Community Exchange News

Community Exchange News is the Newsletter of the Cape Town Talent Exchange group of the SANE Community Exchange System


  1. News: SANE Talent Shop
  2. Report: New Economics for Social Change
  3. Admin: Monthly statements
  4. New groups: One more New Zealand exchange and one US exchange joins the CES
  5. The Abusers List: Avoid selling to these people!
  6. Statistics: Growth of the CES
  7. CTTE Group statistics: January 2006
  8. Web Site: New features
  9. Tip: How to take advantage of the extended CES 'market'
  10. Theory: The Commoditisation of Life
  11. Administration: CTTE Local Area Co-ordinators

Unsubscribing: How to get off this list?

If you would like to unsubscribe from the Community Exchange News mailing list don't write to the Admin and ask to be removed. You are in a position to determine what you receive and for how long you do or don't receive anything. Simply access your account and click on the [My Record] button at the top. In your personal profile you can tick which publications you don't want to receive.

Back issues

If you would like to read back issues of Community Exchange News, they are all on the web site at

The Talent Exchange — where your wealth is your talent

1. News: SANE Talent Shop

The first Talent Shop opened in October last year and has proved to be a useful way to sell goods. Selling goods on the Talent Exchange can sometimes be a frustrating experience as buyers often expect delivery, they don't show up when they say they will or you have to get home at a particular time in order to make the sale. Now you can take your goods to the Talent Shop and have it sell them for you. All you have to do is take your goods there between 9 a.m. and 4 p.m. They will take your details and mark the items with your asking price. You can either leave your goods there and hope someone buys them, or you can advertise them on the site to ensure that others know that they are being offered for sale.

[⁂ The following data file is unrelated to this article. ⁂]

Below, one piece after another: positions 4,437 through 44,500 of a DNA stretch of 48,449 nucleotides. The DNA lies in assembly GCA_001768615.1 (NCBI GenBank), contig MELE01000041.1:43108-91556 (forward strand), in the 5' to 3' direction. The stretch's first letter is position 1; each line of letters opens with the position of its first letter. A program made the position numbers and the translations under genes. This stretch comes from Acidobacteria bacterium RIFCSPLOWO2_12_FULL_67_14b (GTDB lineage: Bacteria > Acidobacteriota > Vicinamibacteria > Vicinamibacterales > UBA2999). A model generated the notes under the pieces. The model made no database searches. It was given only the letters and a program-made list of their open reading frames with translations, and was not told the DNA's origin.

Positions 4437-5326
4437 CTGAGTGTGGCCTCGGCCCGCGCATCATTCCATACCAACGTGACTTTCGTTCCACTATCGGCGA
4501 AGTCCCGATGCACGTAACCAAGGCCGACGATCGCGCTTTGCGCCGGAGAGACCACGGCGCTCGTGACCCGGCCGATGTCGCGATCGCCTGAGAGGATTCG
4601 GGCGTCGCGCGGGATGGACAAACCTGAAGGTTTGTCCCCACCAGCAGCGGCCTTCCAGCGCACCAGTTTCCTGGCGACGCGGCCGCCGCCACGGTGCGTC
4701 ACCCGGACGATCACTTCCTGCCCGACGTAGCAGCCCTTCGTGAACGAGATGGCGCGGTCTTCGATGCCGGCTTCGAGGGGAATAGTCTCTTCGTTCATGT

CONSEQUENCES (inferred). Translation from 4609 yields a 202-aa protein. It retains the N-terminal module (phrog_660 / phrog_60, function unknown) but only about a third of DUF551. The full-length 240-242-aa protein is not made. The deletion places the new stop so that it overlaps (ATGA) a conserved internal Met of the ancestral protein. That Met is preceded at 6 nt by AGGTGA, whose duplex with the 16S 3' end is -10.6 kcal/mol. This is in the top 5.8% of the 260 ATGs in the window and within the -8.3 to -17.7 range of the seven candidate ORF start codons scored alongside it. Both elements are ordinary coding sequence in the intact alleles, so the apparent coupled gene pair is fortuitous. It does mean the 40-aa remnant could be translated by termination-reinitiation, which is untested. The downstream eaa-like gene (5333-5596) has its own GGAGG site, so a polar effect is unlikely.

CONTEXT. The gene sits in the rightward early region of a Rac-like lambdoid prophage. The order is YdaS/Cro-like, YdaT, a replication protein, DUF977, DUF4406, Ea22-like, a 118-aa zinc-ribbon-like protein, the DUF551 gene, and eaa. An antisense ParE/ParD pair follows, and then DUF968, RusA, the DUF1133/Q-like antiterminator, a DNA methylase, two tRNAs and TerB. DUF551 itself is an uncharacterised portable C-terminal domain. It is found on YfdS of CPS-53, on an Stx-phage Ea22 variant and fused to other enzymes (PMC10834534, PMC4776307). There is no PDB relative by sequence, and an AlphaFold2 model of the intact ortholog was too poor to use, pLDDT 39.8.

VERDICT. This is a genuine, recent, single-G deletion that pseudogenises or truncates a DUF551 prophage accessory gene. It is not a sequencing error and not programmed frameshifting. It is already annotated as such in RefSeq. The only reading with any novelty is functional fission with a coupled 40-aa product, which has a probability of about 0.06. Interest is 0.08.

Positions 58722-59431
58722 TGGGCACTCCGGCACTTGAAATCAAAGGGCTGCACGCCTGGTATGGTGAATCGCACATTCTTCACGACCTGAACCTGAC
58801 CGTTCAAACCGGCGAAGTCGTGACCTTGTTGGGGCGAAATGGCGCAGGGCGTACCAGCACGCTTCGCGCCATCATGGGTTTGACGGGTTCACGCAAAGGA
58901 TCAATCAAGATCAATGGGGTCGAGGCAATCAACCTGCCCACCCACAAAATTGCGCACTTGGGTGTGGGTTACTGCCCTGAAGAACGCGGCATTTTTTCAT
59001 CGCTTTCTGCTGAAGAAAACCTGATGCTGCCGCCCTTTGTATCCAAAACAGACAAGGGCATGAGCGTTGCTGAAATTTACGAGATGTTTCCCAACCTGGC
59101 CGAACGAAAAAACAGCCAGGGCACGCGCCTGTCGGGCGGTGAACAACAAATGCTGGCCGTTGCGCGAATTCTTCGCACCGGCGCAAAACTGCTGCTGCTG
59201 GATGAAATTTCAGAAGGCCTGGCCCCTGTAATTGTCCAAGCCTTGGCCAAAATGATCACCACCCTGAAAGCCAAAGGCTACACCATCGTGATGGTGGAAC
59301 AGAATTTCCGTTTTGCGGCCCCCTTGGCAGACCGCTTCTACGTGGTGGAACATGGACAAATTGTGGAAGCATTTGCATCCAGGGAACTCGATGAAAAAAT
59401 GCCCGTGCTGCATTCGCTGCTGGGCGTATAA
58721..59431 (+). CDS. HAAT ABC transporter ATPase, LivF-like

Please make use of the Talent Shop. If you have anything to sell, whether it be books, clothing, artifacts, whatever; bring them to the Talent Shop. But please, the Talent Shop is not a dumping ground for all your old junk that you feel bad about tipping, and probably no one wants.

We are hoping to open more Talent Shops this year to make it even more convenient for you. The SANE Talent Shop is at 1 Haven House, 2 Mains Avenue, Kenilworth, Tel: 021 762 5933

2. Report: New Economics for Social Change

In the last issue of Community Exchange News we announced that SANE had embarked on a project to take the CES to disadvantaged communities. So far the CES has been introduced to three such communities, with more planned for 2006. The three communities are Masiphumelele (near Fish Hoek/Kommetjie), Harare (in Khyelitsha) and Delft. The New Economics for Social Change course was taken to Delft in early February, culminating in a market day on 11 February.

To ensure that the Talent Exchange keeps growing in these areas, co-ordinators are being trained and computers will be installed. The plan is to establish a Talent Exchange 'branch office' and a Talent Shop in each area. In addition local projects such as greening, cleaning, tree planting and community gardens are planned for these areas.

3. Admin: Monthly statements

Every month, after we have sent out the statements for the previous month, we get emails from members who have spotted an error in their statements. Usually these errors are caused by a seller debiting the wrong person. Sellers sometimes get the account numbers of their buyers wrong because the buyer her or himself has given the wrong details (usually by mistake) or the writing on a trading sheet is so bad the account number is indecipherable.